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Reading shapes Church members' understanding of the Savior and His plan - no matter their age or understanding, said Elaine L. Jack, speaking Oct. 19 to more than 600 people attending BYU's 25th annual Sidney B. Sperry Symposium on the scriptures.

During her keynote address, the general Relief Society president spoke about the symposium theme, "The Doctrine and Covenants: A Book of Answers," as it applies to the Church's literacy effort."The Lord commands in the Doctrine and Covenants: `Seek ye out of the best books words of wisdom; seek learning, even by study and also by faith (D&C 88:118),' " said Pres. Jack, asking the audience what it means to seek learning.

She explained that Church members have covenanted to learn truths from the Author of all knowledge, who asks them to "learn of me." (D&C 19:23.)

Spiritual knowledge, she said, is the base upon that which Church members build their learning.

"The Lord has given us a curriculum to follow for His course on eternal life," Pres. Jack said. "It embraces truth and `knowledge of things as they are, and as they were, and as they are to come' (D&C 93:24). His syllabus makes it clear: `Study my word' (D&C 11:22); `Give heed unto my word' (D&C 6:2); `search these commandments' (D&C 1:37); `let your time be devoted to the studying of the scriptures' (D&C 26:1); and this admonition, `I give unto you a commandment, that you rely upon the things which are written . . . by my power you can read them one to another,' (D&C 18:3,35.)"

Pres. Jack said reading scriptures to one another is what the Sperry Symposium is about. "All of us share an earnest desire to learn and understand," she said. "But what if we were among the 950 million people in the world who can't begin to understand - because they can't read?"

Pres. Jack said that there is no question that to "give diligent heed to the words of eternal life" (D&C 84:43), Church members must be able to read them.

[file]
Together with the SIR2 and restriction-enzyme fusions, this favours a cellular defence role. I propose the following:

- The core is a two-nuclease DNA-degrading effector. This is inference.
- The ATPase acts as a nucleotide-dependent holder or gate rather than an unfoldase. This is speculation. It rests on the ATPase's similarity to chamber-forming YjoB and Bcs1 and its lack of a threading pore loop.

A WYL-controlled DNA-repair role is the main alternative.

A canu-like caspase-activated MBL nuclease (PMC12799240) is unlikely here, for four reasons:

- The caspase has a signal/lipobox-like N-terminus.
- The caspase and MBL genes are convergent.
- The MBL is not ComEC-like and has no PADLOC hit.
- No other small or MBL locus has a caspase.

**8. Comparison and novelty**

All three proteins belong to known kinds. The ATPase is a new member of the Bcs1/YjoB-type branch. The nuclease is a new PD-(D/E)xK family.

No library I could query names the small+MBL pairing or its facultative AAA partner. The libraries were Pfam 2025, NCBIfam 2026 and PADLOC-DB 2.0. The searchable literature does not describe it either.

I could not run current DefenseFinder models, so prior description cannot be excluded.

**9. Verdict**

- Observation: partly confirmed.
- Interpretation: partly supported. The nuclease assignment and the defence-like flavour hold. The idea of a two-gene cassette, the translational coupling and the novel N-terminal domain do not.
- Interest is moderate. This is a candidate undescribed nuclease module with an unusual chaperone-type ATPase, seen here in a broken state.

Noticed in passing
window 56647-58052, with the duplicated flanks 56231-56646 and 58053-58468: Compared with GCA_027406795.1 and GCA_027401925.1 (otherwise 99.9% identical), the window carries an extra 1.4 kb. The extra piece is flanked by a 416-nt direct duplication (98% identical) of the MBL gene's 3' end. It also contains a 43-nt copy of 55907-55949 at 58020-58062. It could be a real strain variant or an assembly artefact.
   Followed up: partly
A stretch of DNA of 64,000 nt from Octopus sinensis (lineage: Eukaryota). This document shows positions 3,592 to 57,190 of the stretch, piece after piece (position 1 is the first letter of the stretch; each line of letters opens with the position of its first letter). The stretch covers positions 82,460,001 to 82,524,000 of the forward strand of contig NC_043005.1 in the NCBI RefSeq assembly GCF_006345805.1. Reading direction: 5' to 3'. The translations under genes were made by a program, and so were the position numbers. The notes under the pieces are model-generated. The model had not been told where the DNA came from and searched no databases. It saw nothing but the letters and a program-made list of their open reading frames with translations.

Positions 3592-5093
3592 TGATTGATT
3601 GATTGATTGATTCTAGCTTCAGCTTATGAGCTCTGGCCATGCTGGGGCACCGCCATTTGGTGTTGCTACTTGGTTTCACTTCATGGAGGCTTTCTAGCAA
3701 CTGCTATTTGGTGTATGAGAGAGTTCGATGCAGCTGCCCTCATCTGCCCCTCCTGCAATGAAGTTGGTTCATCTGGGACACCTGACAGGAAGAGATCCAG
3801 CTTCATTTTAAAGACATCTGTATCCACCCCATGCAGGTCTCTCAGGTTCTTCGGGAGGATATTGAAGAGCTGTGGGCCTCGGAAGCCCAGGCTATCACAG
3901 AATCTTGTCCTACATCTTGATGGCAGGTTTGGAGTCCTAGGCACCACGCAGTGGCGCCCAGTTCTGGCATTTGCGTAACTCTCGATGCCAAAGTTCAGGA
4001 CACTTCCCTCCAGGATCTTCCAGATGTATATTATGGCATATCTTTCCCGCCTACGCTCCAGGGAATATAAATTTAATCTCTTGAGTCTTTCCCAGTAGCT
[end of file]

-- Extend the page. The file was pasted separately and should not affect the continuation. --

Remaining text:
"In Relief Society we are stressing literacy to help perfect the Saints," she explained. "This is a bold action we are taking, and we are seeing success, one person at a time."

The literacy effort instituted four years ago has two purposes, Pres. Jack explained. First, to teach basic gospel literacy skills to those who cannot read or write and second, to encourage Church members to study the gospel and improve themselves and their families throughout their lives.

"Society, the Church, the ward, the neighborhood, the family - all need the power of the word to give form to this mortal experience, to give meaning to life," she continued. "Testimonies increase, commitment builds, families draw together and missionary work surges forward when the word of the Lord, as given in His scriptures and through His prophets, is read, absorbed and honored."

Pres. Jack explained that she focused on literacy at the Sperry Symposium - where those who attend probably all are literate - because literacy is more than being able to read. "It is reading regularly, thoughtfully and prayerfully," she said.

"Literacy is the foundation of learning."